It says quite something about the irresistible allure of Jose Mourinho that, even four-and-a-half years after leaving the Premier League, he still warrants front page news in England.
The Real Madrid boss was photographed in London on Tuesday afternoon, and was reportedly scouring the capital for a new family home, which has fuelled speculation that he is set to return to management in the country.
It has been widely claimed that Mourinho will leave the Santiago Bernabeu at the end of the season having grown tired with life in Madrid, which seemingly makes him available for hire.
With Andre Villas-Boas struggling to make his mark at Chelsea, a return to Stamford Bridge for Mourinho has been mooted now that the Portuguese has buried the hatchet with Roman Abramovich.
But Tottenham also appears to be a likely destination for the 49-year-old, with Harry Redknapp expected to leave White Hart Lane for the England job.
Many observers have also questioned the longevity of Arsene Wenger at Arsenal and, according to The Mirror, Mourinho's presence in London could 'invite offers' from the Gunners.
With the English press ready to embrace the return of the 'Special One', GMF takes a closer look at where Mourinho could be headed…
If Arsenal decide that the ideal person to succeed Arsene Wenger would be a manager with a proven track record of success, then surely there is no better candidate than Mourinho.
In almost 12 years as a manager, Mourinho can boast six league titles across three different leagues, and is likely to add another with Real Madrid this season.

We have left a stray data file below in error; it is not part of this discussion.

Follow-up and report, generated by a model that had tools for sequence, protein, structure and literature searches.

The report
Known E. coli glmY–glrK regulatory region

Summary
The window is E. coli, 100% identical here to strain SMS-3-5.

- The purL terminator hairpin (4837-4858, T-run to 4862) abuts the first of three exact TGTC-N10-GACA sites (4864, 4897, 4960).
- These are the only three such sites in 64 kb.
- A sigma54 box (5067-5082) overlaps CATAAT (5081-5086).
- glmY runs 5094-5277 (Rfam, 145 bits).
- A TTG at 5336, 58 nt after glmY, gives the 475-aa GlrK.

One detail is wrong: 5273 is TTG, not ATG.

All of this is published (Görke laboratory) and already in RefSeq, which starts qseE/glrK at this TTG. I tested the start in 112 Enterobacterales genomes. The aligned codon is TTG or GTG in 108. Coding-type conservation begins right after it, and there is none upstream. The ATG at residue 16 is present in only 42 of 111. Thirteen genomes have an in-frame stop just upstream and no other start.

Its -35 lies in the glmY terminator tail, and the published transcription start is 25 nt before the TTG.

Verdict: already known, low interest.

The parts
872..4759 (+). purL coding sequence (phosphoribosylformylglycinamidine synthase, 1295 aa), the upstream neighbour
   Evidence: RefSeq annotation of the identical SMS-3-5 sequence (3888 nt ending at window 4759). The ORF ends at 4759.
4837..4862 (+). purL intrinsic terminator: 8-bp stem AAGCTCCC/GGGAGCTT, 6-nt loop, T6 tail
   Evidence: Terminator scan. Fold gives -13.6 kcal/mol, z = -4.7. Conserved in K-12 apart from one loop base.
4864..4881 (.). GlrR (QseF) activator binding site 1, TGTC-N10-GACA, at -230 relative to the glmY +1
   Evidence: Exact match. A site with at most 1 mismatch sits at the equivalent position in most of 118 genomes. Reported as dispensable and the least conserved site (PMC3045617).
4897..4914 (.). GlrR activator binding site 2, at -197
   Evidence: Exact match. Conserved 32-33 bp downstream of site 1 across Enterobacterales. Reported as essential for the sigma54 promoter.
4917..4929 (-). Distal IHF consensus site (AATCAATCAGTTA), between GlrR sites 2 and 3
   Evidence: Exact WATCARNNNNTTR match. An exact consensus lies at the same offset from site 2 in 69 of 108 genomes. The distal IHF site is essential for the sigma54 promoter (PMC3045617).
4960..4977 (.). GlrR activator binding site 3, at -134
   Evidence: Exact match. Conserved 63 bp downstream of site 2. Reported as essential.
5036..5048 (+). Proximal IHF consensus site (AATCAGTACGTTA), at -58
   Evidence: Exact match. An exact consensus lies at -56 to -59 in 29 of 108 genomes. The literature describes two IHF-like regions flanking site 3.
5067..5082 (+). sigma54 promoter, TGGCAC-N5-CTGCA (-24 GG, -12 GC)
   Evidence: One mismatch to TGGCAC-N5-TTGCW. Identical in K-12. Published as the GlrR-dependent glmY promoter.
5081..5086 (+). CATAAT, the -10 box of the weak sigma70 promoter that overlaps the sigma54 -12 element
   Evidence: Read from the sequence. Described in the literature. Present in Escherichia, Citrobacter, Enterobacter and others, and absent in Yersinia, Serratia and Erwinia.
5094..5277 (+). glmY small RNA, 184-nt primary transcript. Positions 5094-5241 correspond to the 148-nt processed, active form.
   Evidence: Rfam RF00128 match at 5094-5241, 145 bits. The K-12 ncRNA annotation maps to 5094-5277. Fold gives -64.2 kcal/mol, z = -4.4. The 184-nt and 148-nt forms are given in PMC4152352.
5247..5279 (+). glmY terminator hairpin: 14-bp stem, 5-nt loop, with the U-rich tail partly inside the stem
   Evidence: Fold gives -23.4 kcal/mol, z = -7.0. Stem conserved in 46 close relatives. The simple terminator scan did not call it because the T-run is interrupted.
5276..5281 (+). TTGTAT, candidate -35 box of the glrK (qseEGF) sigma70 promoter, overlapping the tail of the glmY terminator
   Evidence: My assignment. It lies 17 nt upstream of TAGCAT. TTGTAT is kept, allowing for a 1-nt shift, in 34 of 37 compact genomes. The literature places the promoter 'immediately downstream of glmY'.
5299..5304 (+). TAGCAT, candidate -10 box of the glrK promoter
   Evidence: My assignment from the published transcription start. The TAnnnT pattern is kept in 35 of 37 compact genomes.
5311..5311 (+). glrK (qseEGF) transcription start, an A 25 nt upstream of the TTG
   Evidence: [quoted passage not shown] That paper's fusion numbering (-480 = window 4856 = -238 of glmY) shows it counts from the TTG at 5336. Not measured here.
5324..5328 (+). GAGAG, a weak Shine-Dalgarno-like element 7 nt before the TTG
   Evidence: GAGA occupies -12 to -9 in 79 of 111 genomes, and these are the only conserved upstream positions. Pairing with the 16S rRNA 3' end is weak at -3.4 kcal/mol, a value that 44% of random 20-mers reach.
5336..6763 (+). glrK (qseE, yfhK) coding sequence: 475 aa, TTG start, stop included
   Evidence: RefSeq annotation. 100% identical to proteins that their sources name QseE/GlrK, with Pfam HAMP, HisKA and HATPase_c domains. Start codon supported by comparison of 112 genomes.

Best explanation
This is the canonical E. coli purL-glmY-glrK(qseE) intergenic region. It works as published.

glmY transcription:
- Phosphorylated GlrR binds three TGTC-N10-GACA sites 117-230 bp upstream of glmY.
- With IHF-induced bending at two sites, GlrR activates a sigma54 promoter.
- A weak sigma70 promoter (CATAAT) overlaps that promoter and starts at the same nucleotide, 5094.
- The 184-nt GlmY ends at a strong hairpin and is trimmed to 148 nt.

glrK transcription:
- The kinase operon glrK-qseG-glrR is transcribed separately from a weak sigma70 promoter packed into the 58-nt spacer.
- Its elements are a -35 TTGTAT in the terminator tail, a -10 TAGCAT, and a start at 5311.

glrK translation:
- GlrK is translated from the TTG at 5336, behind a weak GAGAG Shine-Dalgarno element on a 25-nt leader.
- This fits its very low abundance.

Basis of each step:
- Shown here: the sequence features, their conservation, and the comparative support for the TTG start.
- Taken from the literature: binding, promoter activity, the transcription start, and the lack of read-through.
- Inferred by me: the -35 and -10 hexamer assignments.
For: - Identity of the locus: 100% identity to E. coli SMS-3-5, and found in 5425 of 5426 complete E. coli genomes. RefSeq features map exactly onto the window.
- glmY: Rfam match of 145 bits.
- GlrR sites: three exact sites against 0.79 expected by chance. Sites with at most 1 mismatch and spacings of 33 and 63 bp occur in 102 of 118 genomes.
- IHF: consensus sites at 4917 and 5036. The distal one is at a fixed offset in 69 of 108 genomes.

But it is, of course, his triumphs in Europe that mark Mourinho as a modern great, having won the Champions League with both Porto and Inter Milan.
The problem for Mourinho is, however, that his reputation for being a negative tactician would mean Wenger is unlikely to recommend him as a preferred successor.
Mourinho has, though, allowed his Real Madrid players to operate with verve and freedom this season, but his tactics both on and off the field when facing Barcelona demonstrate that he is not well suited to Arsenal.
With Mourinho apparently on his way out of Madrid and Andre Villas-Boas' future at Chelsea uncertain, a second coming of the former is seemingly set up perfectly.
Roman Abramovich has already been through the majority of the world's best managers once so, should he sack Villas-Boas, Mourinho would be the leading candidate to replace his former apprentice.
The return of Mourinho would be bring a 'feelgood factor' back to Stamford Bridge with both fans and players growing frustrated with Villas-Boas' Chelsea.
Appointing Mourinho would be the finest decision Abramovich has made since he first brought the former Porto boss to west London, but the Russian appears keen to build a Chelsea for the future rather than focus on past glories.
Abramovich has entrusted Villas-Boas to freshen up his playing squad with the club in transition, and the 34-year-old is more likely to bow to the requests of the owner than the notoriously stubborn Mourinho.
Tottenham would appear to be the most likely destination for Mourinho with Harry Redknapp not expected to resist the overtures of England, as and when his country comes calling.
Spurs chairman Daniel Levy has already reportedly sounded out Mourinho with regards to replacing Redknapp at the helm, and everything is in place at White Hart Lane for the former to take the club to the next level.
Tottenham find themselves in a similar situation to that of Chelsea when Mourinho took the position in 2004, with the north London club on the cusp of a period of sustained success.
It would, however, be a significant step down from Real Madrid - should Mourinho decide to take the position - and Spurs will not be able to match the £11.3 million-a-year wages he makes at the Santiago Bernabeu.
But taking charge of Spurs would represent an intriguing challenge for Mourinho, and he has never been afraid to take risks.